Easter, which commemorates Jesus Christ’s resurrection after his crucifixion, is the most important Christian holiday in France. However, even non-Christians partake in Easter celebrations. Here’s what you need to know about French Easter traditions in France, one of Europe’s most atheist countries.
Before diving into Easter traditions in France, it might be helpful to give you an outline of France’s religious landscape.
2021 update: due to covid, most large gatherings for Easter were cancelled or modified.
France Is One Of Europe’s Most Atheist Countries
France has a paradoxical relationship between its militant secular side and historical connection to Catholicism and Catholic symbols.
On paper, France is supposed to be a secular nation that separates church and state (Rooted in the French Revolution).
The reality is more complicated.
Secular does not mean atheist however, France does have a lot of self declared atheists and non practicing Catholics who celebrate Easter with great enthusiasm.
A 2012 Gallup study showed 34% of the country identified as religious: 29% of France’s population identified as atheists while 34% identified as non-religious.
Compared to 1871, that’s a huge shift in Catholicism where 98% percent of the population declared themselves Catholic.
There’s also the growing Muslim population and the 2004 law which bans all religious symbols in public schools.
This law was nicknamed the «headscarf ban» because it disproportionately affects the Muslim community.
Despite this strong secularism, and growing number of atheists, culturally speaking, the Catholic and secular worlds of France are closely intermingled and Catholicism continues to play a public role.
Quoting French sociologist Jean-Paul Willaime, there are essentially two versions of France:
- “A Catholic country with a secular culture.”
- “A secular country with a Catholic culture.”
France was one of the principal “Catholic” countries of Europe
For most of the past thousand years, France has had a strong Catholic history that dates back to 496 when Clovis, the king of the Franks, considered the founder of France, converted from paganism to Catholicism: earning France the title of “The Eldest Daughter of the (Catholic) Church.
The Catholic Church remained France’s official state religion until the French Revolution, which radically shifted power away from the Catholic Church.
Dechristianization of France during the French Revolution
During a two-year period known as the Reign of Terror among Catholics, attacks against Church corruption and the wealth of the higher clergy were some of the most violent in European history.
In a decree dated November 2, 1789, revolutionary authorities suppressed the Church, and abolished the Catholic monarchy.
They also declared all Roman Catholic possession and property “les biens nationaux,” which can be translated as both “The good of the nation” and “National goods,”
To resolve the financial crisis that caused the Revolution, the newly nationalized church properties were sold. Later, the crown and monarchy possessions were treated the same.
The revolutionaries exiled over 30,000 priests.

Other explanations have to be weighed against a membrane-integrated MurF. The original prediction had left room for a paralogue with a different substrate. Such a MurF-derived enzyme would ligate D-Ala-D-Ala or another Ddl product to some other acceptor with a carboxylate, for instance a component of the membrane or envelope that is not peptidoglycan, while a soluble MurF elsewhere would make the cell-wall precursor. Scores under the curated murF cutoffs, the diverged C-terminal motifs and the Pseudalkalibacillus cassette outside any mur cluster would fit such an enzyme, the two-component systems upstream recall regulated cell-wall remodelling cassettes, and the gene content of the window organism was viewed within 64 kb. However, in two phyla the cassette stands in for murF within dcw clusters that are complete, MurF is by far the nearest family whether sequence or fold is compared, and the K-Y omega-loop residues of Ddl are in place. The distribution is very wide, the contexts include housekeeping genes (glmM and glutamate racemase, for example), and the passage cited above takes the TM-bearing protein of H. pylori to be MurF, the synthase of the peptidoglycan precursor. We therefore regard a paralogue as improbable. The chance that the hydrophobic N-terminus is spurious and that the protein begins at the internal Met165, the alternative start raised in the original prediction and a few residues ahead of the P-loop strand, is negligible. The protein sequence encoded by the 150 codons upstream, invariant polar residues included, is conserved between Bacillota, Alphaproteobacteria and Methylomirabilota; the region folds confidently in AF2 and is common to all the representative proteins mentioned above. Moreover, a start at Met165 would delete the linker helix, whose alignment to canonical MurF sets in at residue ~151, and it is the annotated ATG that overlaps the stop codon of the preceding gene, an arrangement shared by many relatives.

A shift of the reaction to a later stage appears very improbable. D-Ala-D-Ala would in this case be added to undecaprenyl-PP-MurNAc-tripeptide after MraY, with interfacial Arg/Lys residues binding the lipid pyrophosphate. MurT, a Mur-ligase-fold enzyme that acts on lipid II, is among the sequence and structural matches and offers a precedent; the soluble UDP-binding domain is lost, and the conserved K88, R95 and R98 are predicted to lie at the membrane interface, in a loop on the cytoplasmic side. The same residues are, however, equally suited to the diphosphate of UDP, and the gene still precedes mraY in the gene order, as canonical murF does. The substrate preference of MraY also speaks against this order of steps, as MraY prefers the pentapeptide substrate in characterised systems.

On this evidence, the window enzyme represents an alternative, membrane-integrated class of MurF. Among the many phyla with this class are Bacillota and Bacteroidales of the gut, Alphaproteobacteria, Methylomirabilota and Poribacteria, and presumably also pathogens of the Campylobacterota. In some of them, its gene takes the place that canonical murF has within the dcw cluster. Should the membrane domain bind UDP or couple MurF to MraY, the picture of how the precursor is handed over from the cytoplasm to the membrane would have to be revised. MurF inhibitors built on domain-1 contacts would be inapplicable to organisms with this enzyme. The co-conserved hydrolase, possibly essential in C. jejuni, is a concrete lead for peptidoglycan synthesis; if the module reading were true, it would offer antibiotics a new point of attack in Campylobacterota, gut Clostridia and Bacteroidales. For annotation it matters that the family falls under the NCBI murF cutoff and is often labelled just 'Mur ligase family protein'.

In Paris, over 200 priests were killed by angry mobs. Priests and nuns were drowned in mass executions (known as les noyades) in Nantes and Lyon for treason, and hundreds of priests were imprisoned and suffered abominable living conditions in the port of Rochefort.
After the revolution: The end of dechristianization
In 1799, after Napoleon seized control of the government, he negotiated the concordat of 1801 with Pope Pius VII. This treaty established new rules for the relationship between the French Republic and Catholic Church, ending dechristianization in France.
1905: France becomes a Secular Nation: Separating Church and State
For 104 years, the concordat remained in effect until 1905 when a major law, currently still in effect (the policy of laïcité “secularism”), officially separated church and state in France.
In the new secular France, Individuals are still free to practice their religion, however, separately from the state.
Although the law of 1905 forbids funding the Church, paying clergy salaries, the government funds all schools, including private religious schools, which are mainly Catholic in France.
The catch is that religious schools must maintain the same standards and curriculum as the public schools and do not discriminate on the grounds of religious affiliation nor make religious education obligatory.
As a result, it’s not uncommon for children of non-religious families or of other faiths to attend Catholic schools in France.
Oftentimes these Catholic schools offer better conditions or are more convenient, and because the government funds them are very affordable; usually costing between one to two thousand euros per year.
Alsace-Moselle is the exception to secularism in France
The exception to the secular law of 1905 is Alsace-Moselle, in France’s northeastern region, which was under Prussian rule at the time.
Catholicism, Calvinism, Lutheranism, and Judaism are still officially recognized religions in the region, which is why religious education is obligatory for public-school students, and the regional government pays the salaries of the clergy in those regions.
The Many Ways Easter In France Is Celebrated
Happy Easter = Joyeuse Pâque
Now that you understand France’s religious landscape, it’s easy to understand how a largely secular and atheist country can embrace easter with such enthusiasm.
Let’s dig into some Easter traditions in France.
French Easter Traditions
Although attending weekly mass is a dying custom in France, some will opt to go to Easter Sunday mass. The same is true for Christmas mass.
The famous Easter egg hunt (Chasée aux oeufs)
The most widespread tradition in France is the famous Easter egg hunt on Sunday Morning.
Sometimes families will organize an Easter egg hunt, but local associations in towns and cities usually organize an Easter egg hunt also.
For instance, Chateau de Merville sometimes organizes the largest Easter egg hunt in the labyrinth of a French Chateau in France.
Boiled eggs are not part of the Easter egg hunt.